God reassures his people that He is right there with them. He also gives them instructions; they are to muster the army, go out to battle, stand firm, hold their position and watch what God will do on their behalf (verses 16-17).
So, the next day the people get ready. But there was something unusual about the way this battle was fought. The battle was not led by the infantry or the archers or any of the trained soldiers. The Bible tells us that men in sacred robes went before the army singing praise to God. The Bible goes on to reveal that victory came during the praise!
2 Chronicles 20:22 – And when they began to sing and praise, the Lord set an ambush against the men of Ammon, Moab and Mount Seir, who had come against Judah, so that they were routed.
God had the enemies of Judah turn on one another, until all of them were destroyed. Then Judah went and collected all the plunder. Then they returned to Judah and held another giant praise session to thank God for what he had done.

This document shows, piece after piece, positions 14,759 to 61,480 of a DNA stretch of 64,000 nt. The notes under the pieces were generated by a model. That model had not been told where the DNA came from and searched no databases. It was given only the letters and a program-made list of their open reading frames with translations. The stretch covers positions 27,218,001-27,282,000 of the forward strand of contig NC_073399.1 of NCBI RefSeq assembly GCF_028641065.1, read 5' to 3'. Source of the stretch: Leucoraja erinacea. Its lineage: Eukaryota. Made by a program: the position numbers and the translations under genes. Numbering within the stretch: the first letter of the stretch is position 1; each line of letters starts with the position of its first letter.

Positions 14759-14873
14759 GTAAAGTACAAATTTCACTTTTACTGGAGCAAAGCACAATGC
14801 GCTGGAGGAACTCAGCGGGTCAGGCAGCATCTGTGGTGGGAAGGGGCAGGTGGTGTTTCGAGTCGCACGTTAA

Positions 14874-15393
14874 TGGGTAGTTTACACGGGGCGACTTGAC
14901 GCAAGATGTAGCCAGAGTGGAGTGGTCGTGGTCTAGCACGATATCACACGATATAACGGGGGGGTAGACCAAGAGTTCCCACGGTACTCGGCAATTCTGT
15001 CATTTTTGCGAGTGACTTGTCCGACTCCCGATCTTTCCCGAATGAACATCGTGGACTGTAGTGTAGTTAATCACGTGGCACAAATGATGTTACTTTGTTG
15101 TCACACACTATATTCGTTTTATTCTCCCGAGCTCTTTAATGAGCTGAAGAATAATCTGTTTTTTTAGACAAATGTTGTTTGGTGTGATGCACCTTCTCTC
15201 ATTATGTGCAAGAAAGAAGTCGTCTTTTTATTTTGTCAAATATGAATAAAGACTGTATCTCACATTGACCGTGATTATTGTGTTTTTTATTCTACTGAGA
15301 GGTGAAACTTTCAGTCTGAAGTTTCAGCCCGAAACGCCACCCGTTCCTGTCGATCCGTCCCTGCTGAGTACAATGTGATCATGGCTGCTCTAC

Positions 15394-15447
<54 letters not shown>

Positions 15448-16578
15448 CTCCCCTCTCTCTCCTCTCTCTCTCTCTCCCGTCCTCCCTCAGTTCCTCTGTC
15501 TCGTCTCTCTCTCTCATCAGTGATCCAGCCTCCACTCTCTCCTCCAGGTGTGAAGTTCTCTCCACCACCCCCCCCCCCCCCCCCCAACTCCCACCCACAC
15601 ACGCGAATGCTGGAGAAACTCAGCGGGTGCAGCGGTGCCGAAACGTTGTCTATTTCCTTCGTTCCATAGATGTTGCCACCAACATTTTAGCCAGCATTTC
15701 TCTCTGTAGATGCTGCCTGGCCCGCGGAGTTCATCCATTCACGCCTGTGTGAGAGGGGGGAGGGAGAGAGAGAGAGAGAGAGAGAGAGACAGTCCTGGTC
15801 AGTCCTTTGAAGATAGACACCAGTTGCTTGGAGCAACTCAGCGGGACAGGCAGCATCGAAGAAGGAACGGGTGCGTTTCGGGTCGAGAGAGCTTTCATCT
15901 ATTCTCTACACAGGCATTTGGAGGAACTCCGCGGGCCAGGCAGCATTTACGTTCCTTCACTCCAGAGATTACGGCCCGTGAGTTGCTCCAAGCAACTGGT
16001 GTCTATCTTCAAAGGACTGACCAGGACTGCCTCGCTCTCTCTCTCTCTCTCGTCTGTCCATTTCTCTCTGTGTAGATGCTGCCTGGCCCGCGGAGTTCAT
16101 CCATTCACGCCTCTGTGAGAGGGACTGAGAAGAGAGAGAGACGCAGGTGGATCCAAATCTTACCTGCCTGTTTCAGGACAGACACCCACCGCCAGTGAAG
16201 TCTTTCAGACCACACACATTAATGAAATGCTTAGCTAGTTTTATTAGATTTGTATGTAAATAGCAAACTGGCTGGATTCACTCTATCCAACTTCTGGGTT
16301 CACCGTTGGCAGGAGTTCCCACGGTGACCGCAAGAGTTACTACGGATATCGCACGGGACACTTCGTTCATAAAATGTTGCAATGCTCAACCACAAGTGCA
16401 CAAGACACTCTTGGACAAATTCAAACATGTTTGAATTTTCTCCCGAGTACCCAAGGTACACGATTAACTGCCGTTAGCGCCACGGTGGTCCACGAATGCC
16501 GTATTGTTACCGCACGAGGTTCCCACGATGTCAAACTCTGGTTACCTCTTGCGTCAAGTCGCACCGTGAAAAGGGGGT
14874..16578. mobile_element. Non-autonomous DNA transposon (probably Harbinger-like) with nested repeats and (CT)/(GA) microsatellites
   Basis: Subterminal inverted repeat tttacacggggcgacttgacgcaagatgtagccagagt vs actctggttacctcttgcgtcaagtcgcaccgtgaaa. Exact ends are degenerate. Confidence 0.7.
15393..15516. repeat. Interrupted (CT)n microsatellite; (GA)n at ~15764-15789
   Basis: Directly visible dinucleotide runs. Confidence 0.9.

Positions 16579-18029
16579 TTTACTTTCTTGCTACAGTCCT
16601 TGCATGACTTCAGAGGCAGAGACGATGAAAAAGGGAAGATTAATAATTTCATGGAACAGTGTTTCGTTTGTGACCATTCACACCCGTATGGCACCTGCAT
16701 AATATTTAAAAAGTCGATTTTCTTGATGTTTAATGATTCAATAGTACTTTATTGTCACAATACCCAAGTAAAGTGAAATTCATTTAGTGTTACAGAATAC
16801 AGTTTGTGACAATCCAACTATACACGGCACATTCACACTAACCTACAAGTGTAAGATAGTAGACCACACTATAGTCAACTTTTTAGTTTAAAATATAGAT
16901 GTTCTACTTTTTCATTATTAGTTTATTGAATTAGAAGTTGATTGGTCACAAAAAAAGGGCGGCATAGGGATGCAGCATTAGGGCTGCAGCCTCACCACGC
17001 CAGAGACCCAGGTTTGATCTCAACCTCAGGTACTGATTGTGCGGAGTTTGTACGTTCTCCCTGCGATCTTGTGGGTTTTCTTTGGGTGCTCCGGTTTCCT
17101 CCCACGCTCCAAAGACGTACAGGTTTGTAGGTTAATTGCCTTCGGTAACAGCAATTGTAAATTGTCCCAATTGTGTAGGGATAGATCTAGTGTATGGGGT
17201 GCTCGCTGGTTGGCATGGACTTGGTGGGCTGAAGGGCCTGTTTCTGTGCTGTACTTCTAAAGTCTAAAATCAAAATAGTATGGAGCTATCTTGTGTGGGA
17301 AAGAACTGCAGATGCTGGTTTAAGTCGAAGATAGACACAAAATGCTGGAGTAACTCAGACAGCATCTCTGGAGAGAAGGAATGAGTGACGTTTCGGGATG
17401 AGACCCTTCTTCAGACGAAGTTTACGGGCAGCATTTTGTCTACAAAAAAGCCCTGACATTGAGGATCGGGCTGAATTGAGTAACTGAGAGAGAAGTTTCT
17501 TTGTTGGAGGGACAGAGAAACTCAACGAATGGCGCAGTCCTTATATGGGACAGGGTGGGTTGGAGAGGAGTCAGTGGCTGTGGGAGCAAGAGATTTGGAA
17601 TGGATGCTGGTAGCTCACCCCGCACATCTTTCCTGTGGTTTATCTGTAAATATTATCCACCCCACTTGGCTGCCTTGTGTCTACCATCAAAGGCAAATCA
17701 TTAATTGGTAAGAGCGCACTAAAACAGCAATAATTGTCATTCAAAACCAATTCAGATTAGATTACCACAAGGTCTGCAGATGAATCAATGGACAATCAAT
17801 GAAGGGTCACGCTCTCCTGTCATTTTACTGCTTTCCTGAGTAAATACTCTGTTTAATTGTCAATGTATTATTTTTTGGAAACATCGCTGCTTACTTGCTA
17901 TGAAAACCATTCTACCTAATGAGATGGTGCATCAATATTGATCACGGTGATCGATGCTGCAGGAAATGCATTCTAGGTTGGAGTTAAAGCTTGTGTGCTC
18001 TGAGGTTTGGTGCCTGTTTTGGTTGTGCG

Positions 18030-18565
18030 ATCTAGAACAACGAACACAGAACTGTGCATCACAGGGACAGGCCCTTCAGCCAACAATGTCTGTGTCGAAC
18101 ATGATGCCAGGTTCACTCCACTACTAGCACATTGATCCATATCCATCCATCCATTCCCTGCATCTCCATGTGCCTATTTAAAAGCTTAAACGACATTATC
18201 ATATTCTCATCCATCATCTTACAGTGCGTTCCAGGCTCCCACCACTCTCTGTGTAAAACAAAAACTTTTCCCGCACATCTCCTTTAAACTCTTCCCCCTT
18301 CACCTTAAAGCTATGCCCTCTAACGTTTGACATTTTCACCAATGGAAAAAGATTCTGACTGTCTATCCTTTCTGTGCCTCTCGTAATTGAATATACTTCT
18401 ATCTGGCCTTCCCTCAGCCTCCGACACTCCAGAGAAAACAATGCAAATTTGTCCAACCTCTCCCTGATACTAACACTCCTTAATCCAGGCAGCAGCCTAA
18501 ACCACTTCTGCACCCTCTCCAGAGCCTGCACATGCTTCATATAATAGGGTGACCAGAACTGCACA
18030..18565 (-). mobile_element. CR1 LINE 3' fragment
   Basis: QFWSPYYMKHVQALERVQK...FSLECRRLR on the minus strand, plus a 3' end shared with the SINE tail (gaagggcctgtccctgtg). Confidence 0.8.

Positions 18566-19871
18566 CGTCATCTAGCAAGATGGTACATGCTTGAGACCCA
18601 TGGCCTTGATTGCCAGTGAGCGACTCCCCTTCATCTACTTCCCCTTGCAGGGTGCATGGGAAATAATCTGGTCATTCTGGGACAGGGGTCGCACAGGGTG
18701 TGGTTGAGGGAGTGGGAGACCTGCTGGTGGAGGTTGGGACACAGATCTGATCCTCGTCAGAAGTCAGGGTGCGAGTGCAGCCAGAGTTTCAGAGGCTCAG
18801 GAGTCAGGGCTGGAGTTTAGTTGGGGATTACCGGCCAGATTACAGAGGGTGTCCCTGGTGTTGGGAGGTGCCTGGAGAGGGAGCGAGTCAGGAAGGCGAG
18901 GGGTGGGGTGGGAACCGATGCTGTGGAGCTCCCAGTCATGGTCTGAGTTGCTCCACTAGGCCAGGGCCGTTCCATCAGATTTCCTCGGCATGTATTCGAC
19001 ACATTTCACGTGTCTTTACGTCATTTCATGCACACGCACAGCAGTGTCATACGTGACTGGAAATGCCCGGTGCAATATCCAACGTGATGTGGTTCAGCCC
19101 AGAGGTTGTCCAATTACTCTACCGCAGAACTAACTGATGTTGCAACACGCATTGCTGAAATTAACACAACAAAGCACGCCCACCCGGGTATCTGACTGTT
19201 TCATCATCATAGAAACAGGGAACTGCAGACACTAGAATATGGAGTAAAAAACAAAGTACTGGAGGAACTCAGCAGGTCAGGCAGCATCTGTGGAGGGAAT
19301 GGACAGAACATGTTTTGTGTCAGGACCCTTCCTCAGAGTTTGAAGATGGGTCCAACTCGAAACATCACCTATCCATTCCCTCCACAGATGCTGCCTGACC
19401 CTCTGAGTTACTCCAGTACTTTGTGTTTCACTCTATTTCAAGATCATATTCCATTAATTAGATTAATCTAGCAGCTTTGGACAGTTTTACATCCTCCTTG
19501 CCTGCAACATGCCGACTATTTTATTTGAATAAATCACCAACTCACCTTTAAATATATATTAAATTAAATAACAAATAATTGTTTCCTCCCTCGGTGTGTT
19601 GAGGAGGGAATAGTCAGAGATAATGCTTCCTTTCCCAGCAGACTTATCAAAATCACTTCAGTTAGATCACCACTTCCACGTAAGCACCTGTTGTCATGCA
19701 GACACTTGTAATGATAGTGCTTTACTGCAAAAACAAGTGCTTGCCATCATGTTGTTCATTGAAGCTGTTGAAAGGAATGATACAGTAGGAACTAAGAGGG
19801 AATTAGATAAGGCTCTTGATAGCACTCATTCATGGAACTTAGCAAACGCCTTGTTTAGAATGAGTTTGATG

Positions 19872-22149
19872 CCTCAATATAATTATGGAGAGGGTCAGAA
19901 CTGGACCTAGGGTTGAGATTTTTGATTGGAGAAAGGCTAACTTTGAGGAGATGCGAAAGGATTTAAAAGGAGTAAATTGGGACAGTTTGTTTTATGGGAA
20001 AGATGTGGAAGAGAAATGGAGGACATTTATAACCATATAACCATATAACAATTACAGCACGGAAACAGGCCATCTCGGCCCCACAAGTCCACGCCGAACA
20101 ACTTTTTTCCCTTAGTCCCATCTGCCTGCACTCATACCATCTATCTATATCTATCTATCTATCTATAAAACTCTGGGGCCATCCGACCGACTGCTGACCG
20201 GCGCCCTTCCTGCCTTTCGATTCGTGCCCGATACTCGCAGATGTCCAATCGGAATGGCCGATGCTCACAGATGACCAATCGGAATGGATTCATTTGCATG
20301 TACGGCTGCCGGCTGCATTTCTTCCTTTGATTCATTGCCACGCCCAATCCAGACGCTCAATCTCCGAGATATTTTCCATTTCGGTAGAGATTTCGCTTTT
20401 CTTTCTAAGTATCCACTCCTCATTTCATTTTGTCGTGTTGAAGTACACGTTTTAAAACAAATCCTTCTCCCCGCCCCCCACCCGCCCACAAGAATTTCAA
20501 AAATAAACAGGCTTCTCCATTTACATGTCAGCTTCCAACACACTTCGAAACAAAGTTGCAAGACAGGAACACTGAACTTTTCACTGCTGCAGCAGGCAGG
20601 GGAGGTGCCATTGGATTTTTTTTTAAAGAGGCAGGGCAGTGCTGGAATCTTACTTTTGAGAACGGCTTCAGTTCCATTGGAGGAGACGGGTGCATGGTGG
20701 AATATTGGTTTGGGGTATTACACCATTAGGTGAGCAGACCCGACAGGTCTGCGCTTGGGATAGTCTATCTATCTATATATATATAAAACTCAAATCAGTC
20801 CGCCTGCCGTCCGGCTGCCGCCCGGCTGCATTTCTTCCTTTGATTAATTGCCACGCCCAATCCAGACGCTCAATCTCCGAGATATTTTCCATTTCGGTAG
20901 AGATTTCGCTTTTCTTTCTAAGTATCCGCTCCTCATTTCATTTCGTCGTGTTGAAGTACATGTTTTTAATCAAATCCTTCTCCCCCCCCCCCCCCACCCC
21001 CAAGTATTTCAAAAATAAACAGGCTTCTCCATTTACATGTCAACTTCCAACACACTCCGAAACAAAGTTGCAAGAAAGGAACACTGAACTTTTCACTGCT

Because of this great victory, God was glorified and known to all the other nations around Judah. What a great testimony – and what great lesson! It is a lesson, because the principles contained in this narrative still apply to us today.
Let’s switch gears for a moment and look at ourselves.
I think that you and I are probably a lot like Jehoshaphat. If you are living in America, you can count yourself as prosperous. You probably have a job that you like and you excel at it (if not, you at least have the opportunity to change it). You are probably at peace with those around you. Most likely you have the respect of your family, friends and coworkers.